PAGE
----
Anyways back on track, in the war's early days we see a classic example of symmetric military power coming up against an asymmetric foe. The French had, tanks, armored vehicles, and airplanes while the FLN had men and old rifles. The FLN had learned the lessons of the Vietnamese who had just successfully pushed out the French, they would ambush and then quickly disappear into the mountains. If you've talked to any soldiers from any of the dozens of occupations that have taken place in the 20th and 21st century you will learn about the terrible state this leaves soldiers. To wander around a country unsure of when you would be fighting and whether that nice man that sold you a drink is going to be rigging up explosives that night. The more and more this happened the more frustrated the French soldiers and commanders got and that led to in-discriminant responses that only led to more of the moderate civilians being turned into FLN fighters. 

The French brought in competent men and women to try to solve the problem but it was now too late for reform. The cycle of ambush and indiscriminate government response had pushed the moderates to the FLN and civilians continued to follow suit as they sought protection from the conflict. While the french could move around and dominate where they were there was just no way to dominate the whole region at once and so anyone who cooperated with the French was likely to be very unsafe as soon as the soldiers left. Remember the British trying to subdue the Revolution in America? Remember America trying to subdue Afghanistan and Iraq? People led revolutions just cannot be subdued in the traditional sense. There must be that winning over of the people. And as mentioned...the French had seemingly wasted their chance to do that.

As spring blossomed in 1955 the FLN had survived and the recruiting that had happened over the winter blossomed into a more wide-ranging rebellion with attacks happening in every area of Algeria. The French increased the military presence to 100,000 soldiers but never enough to be everywhere at once.

Up to this point civilian colonists had been mostly off limits to FLN attack whereas the French soldiers had been doing those indiscriminate attacks on muslim town and cities. By June of 1955 FLN leadership decided that this would no longer be the case and an attack was planned and carried out in Philippeville on the European civilians there. It seems the idea was a sort of retaliation for French brutality but it was also meant to be an event that would cause the French to do something so terrible that it would force what was left of the moderate muslims to give up the middle ground and choose a side. It was a pretty brutal attack with some horrifying things happening and in the end about 70 civilians were killed.

In response to this the French military rounded up 130 muslims in the city and shot them. Within the next few days thousands of muslims were killed in reprisal attacks done mostly by colonists while the French army looked on and in some cases participated. The French reported 1200 civilians were killed while the FLN reported 12,000; the truth iss probably somewhere in between. The brutality of both sides during and after the initial massacre took the significant issues of soldier paranoia and made them ubiquitous among the French where "every muslim was now a terrorist" and now muslims were terrified of european civilians as well as the soldiers. The war would now become a truly horrifying one as both sides starting to see the other as cruel monsters instead of people.

At the turning of the new year the movement was starting to get very organized and many powerful members believed that these terrorist type attacks like in Philippeville were the best way to move their cause forward and a good many of these, in the early years, would be focused on other Algerians who were either too moderate or directly working with the French.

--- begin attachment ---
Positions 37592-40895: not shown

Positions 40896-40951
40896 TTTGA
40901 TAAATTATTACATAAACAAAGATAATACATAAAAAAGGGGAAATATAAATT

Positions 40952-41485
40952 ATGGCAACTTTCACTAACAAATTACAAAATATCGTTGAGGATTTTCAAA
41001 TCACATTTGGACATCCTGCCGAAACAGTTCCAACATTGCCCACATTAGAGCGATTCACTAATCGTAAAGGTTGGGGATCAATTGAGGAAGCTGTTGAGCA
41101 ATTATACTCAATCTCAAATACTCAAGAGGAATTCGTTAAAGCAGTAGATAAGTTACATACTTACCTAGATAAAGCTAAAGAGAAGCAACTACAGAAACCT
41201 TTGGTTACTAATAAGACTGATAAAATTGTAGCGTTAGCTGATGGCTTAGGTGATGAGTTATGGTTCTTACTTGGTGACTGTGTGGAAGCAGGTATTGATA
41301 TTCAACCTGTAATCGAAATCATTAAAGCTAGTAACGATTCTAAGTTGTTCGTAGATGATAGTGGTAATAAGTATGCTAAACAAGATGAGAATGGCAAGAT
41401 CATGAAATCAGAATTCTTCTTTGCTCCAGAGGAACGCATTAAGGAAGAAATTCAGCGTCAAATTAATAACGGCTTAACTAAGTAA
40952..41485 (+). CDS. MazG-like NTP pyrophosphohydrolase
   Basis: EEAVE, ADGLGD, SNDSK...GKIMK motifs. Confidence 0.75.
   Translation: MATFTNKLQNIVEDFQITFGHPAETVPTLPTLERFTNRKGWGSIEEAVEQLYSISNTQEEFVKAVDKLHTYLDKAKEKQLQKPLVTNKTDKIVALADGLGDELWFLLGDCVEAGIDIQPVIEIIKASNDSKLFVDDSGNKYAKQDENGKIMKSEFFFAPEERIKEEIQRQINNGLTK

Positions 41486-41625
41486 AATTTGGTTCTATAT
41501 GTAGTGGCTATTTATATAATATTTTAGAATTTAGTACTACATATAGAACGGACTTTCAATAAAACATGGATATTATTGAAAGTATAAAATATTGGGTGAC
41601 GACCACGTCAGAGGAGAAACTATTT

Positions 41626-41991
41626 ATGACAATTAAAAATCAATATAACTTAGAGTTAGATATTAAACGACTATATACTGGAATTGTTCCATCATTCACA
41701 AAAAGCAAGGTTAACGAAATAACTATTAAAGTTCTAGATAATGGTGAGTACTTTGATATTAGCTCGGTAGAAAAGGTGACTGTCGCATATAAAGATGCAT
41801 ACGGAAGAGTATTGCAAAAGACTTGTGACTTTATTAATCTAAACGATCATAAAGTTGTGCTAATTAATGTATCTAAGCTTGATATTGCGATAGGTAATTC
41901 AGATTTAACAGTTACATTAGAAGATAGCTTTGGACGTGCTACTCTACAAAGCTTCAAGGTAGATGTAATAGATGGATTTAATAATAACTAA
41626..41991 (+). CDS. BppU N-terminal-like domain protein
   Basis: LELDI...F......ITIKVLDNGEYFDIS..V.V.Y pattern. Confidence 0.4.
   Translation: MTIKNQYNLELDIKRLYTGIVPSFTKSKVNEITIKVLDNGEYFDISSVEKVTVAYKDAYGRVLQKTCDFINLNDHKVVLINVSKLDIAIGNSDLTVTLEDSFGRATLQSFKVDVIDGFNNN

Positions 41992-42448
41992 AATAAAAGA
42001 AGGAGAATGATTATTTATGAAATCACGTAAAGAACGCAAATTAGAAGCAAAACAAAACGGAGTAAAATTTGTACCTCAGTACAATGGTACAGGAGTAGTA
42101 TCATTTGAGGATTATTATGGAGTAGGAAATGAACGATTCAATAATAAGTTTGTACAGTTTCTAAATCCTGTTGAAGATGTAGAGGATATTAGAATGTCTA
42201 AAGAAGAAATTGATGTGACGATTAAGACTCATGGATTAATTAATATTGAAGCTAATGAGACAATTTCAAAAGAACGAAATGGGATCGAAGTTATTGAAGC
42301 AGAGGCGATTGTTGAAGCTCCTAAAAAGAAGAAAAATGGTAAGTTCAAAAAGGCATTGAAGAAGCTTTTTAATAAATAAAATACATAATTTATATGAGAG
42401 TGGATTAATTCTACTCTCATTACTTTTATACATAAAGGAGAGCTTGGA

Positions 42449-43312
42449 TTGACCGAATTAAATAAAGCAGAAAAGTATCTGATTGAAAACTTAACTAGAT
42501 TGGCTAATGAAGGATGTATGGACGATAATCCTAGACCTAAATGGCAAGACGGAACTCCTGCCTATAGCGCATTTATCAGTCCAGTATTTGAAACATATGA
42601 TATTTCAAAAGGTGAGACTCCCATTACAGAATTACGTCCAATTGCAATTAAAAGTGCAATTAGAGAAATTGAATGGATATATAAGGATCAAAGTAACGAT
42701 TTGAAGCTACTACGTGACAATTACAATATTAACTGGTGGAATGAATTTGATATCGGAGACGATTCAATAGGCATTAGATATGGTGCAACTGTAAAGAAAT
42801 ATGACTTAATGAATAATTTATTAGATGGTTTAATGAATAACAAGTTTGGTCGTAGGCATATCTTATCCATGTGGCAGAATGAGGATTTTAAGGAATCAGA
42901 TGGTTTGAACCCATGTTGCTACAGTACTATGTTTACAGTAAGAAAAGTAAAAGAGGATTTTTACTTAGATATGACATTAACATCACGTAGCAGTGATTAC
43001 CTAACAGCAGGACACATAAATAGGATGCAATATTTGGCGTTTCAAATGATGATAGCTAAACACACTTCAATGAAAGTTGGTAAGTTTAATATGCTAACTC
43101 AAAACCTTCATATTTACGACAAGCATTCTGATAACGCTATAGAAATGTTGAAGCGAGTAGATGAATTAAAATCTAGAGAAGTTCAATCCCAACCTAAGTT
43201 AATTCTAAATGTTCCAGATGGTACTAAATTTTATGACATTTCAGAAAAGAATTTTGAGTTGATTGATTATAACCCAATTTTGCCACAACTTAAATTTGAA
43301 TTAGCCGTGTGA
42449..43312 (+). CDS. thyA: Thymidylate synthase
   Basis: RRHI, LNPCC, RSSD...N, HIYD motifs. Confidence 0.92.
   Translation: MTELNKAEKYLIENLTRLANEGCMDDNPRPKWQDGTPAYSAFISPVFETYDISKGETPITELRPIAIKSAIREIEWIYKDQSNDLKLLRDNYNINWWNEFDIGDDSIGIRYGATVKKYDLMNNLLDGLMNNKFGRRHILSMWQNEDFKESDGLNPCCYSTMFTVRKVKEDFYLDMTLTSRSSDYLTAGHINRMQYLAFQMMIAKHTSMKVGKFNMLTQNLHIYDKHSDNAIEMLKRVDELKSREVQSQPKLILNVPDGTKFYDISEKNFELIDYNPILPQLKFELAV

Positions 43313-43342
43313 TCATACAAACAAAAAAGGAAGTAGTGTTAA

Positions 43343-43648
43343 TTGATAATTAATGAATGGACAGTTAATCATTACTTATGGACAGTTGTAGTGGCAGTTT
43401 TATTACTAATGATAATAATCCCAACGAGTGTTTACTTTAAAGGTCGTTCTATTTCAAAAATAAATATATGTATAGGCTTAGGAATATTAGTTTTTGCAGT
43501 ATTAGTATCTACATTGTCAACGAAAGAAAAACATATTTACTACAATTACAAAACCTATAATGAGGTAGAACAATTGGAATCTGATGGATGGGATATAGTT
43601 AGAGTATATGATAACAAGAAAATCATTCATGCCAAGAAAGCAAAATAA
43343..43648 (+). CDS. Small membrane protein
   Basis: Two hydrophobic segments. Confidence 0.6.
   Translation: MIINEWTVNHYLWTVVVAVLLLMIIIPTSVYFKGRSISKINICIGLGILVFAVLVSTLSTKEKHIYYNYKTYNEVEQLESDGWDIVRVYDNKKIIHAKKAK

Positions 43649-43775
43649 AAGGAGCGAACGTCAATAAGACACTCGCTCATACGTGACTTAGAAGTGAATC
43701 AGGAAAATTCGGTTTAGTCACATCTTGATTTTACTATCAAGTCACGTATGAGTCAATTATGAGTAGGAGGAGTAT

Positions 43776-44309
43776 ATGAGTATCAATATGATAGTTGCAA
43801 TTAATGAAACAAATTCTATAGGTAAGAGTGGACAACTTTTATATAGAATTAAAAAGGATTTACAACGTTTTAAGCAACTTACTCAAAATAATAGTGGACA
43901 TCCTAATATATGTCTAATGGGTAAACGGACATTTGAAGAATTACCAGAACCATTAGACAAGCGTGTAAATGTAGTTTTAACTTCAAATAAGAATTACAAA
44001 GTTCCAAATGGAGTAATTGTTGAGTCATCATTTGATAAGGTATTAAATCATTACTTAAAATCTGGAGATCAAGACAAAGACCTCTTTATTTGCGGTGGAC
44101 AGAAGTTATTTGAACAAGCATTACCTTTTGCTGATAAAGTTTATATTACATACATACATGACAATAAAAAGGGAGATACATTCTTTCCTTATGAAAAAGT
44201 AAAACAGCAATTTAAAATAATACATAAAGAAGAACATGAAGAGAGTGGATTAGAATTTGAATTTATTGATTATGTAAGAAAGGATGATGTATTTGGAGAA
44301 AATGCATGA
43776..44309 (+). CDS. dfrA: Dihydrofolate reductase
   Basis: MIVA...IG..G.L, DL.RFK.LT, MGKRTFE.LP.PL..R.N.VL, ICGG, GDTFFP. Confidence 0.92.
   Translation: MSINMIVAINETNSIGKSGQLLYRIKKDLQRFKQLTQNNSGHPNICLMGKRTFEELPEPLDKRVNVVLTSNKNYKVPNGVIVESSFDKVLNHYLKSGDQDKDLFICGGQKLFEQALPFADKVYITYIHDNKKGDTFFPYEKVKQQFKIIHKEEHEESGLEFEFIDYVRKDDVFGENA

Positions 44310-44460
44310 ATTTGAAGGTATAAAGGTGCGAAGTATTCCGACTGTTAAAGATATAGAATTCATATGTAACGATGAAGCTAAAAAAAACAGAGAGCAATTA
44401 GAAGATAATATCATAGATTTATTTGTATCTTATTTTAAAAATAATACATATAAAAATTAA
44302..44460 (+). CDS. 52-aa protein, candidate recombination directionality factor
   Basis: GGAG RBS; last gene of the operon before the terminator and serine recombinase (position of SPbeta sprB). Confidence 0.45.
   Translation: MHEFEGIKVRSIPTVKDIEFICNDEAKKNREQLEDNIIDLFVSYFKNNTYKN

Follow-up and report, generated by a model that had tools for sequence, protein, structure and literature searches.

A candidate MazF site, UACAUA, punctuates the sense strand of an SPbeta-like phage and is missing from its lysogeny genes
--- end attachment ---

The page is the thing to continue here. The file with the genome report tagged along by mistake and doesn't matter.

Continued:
1956 had many important events. The French Assembly in Paris had voted to give the army in Algeria a free hand to do whatever it deemed necessary to pacify the land and by the end of it there were 400,000 French troops in Algeria. Algeria's 1956 had some very important international victories. 

Tunisia and Morocco, two of the countries that share a border with Algeria were able to formally become independent of France. They allowed sanctuary to FLN soldiers and were basically an open border for equipment and arms entering Algeria. This doesn't seem like too big a deal but think about Afghanistan and the American experience there. During the early years of the war against the Taliban in Afghanistan there was basically a free-flowing border between Afghanistan and Pakistan. This allowed Taliban forces who were in danger of being cornered and overrun to escape into land the Americans could not venture into. These two countries, while providing some sanctuary had not bought in fully to helping the Algerians. At least until the French shot themselves in the foot again(a common trait of these kinds of situations). One of Algeria's oldest resistance movement leaders was working with his team as ambassadors to the outside world. In doing these duties they were flying from Tunisia to Morocco for a north African conference with those two countries, who up to this point were trying to push for a negotiated solution (although many of the FLN were not onboard with this). In the course of their flight over Algeria they were forced to land and the negotiator and his team were arrested. This drew a swift condemnation from the two neighboring countries and they went from pushing for negotiations to clandestinely helping the rebellion.

The second big international event that happened in 1956 was a meeting of 29 3rd world countries where it was proclaimed that Algeria should be made free thus leading to even more international exposure to the conflict. At this meeting the Algerian revolutionaries were able to meet with and be encouraged by the man who's rebellion had spurred on their own, ho chi minh himself.

These events as well as the usual international journalist reporting of French atrocities was continuing the movement of international politics away from France and towards Algeria.